Six years of Donald Trump’s federal tax returns released on Friday show the former president paid very little in federal income taxes the first and last year of his presidency, claiming huge losses that helped limit his tax bill, among other revelations.
The returns, long shrouded in secrecy, were released to the public on Friday by the House Ways and Means Committee, the culmination of a battle over their disclosure that went to the Supreme Court. They confirm a report issued from the Joint Committee on Taxation that Trump claimed large losses before and throughout his presidency that he carried forward to reduce or practically eliminate his tax burden. For example, his returns show that he carried forward a $105 million loss in 2015 and $73 million in 2016.
The thousands of pages of documents from the former president’s personal and business federal tax returns – which spanned the years 2015 through 2020 – provide a complex web of raw data about Trump’s finances, offering up many questions about his wealth and income that could be pursued both by auditors and Trump’s political opponents.
The returns were obtained by the Democratic-run committee only a few weeks ago after a protracted legal battle. The committee voted last week to release the tax returns, but their release was delayed to redact sensitive personal information like Social Security numbers.
CNN is currently reviewing the tax returns.
The release of the tax returns follows a years-long pursuit for documents that had typically been made public voluntarily by past US presidents. Trump and his legal team continuously sought to keep his returns secret, arguing that Congress had never wielded its legislative powers to demand a president’s tax returns, which Trump said could have far-reaching implications.
“The Democrats should have never done it, the Supreme Court should have never approved it, and it’s going to lead to horrible things for so many people,” Trump said in a statement following the release.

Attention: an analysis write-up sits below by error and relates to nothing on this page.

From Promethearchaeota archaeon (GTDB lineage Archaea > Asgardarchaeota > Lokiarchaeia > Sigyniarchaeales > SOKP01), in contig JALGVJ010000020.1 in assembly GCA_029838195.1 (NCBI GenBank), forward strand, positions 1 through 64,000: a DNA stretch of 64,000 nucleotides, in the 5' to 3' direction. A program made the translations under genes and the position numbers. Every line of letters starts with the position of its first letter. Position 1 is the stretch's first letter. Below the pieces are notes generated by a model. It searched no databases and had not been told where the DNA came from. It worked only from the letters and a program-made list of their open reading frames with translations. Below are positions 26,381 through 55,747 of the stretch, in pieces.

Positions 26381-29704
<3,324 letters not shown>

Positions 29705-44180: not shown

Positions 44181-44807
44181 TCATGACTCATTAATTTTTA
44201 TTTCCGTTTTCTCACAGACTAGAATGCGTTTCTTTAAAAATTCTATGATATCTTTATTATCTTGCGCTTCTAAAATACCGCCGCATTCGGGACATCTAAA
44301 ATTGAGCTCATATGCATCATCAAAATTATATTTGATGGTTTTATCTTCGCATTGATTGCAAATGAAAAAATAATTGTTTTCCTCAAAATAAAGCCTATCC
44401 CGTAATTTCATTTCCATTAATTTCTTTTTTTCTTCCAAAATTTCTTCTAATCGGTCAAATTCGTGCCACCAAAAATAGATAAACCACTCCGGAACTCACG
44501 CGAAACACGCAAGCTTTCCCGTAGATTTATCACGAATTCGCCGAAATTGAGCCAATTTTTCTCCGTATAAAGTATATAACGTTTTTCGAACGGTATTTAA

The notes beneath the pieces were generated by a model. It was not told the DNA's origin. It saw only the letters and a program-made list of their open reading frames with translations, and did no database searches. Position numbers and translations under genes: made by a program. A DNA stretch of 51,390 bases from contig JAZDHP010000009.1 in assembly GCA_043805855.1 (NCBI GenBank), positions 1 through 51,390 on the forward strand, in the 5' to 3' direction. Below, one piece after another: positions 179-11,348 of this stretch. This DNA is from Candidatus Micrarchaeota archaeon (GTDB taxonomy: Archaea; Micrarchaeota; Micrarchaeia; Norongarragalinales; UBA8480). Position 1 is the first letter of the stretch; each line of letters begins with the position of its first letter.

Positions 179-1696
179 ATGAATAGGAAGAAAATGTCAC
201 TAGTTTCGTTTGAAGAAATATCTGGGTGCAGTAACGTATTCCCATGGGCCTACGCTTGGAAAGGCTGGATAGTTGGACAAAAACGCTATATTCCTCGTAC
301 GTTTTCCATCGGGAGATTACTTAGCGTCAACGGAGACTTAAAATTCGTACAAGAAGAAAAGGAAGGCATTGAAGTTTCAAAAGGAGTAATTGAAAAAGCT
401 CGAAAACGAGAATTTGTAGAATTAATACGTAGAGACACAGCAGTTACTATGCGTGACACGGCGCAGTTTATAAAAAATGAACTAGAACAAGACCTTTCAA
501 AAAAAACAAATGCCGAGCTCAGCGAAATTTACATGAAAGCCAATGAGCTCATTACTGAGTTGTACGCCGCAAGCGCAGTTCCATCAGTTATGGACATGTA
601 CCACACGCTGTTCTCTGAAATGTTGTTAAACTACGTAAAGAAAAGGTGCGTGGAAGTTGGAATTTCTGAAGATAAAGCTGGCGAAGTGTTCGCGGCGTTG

“The ‘Trump’ tax returns once again show how proudly successful I have been and how I have been able to use depreciation and various other tax deductions as an incentive for creating thousands of jobs and magnificent structures and enterprises.”
Trump’s returns also show the former president made several claims that auditors may question.
The Joint Committee on Taxation, which reviewed the returns, flagged that Trump claimed a large number of questionable items on his tax returns, including eyebrow-raising amounts of interest he claims to have received from loans to his children that the bipartisan committee said could indicate Trump was disguising gifts.
The JCT, which made no claims that Trump should have paid more or less in taxes in the years it reviewed, argued that an auditor should investigate the loan agreements Trump made with his children, including the interest rates. If the interest Trump claims to have charged his children was not at market rate, for example, it could be considered a gift for tax purposes, requiring him to pay a higher tax rate on the money.
In 2017, for example, Trump claimed he received exactly $18,000 in interest on a loan he said he gave his daughter Ivanka Trump. He claimed $8,715 in interest from his son Donald Trump, Jr., and exactly $24,000 from his son Eric Trump.
That raises the question of whether “the loans were bona fide arm’s length transactions, or whether the transfers were disguised gifts that could trigger gift tax and a disallowance of interest deductions by the related borrowers,” the JCT said in its report.
“It’s unusual to have interest in round numbers – very rare,” said Martin Sheil, former supervisory special agent for IRS’ Criminal Investigation unit. “An auditor would want to see payments, loan agreements and interest rates.”
There are also questions about Trump’s returns listing an identical amount of company expenses and profits.
For example, in 2017, Trump claimed his business DJT Aerospace LLC, which operates Trump’s personal helicopter, claimed $42,965 in profit. It also claimed the exact same amount – $42,965 – in expenses. In other words, every single dollar – to the dollar – that the company earned was negated by the company’s expenses, such as payroll, fuel and other items. That left the company with zero income – and nothing to tax.
“Total expenses equaling total income is a statistical impossibility,” said Shiel. “It just doesn’t happen.”
The JCT in its report raised several similar questions. For example, it noted IRS auditors were investigating multiple so-called large unusual questionable items on Trump’s tax returns for which the regulator wanted Trump to provide supporting evidence to back up his claims.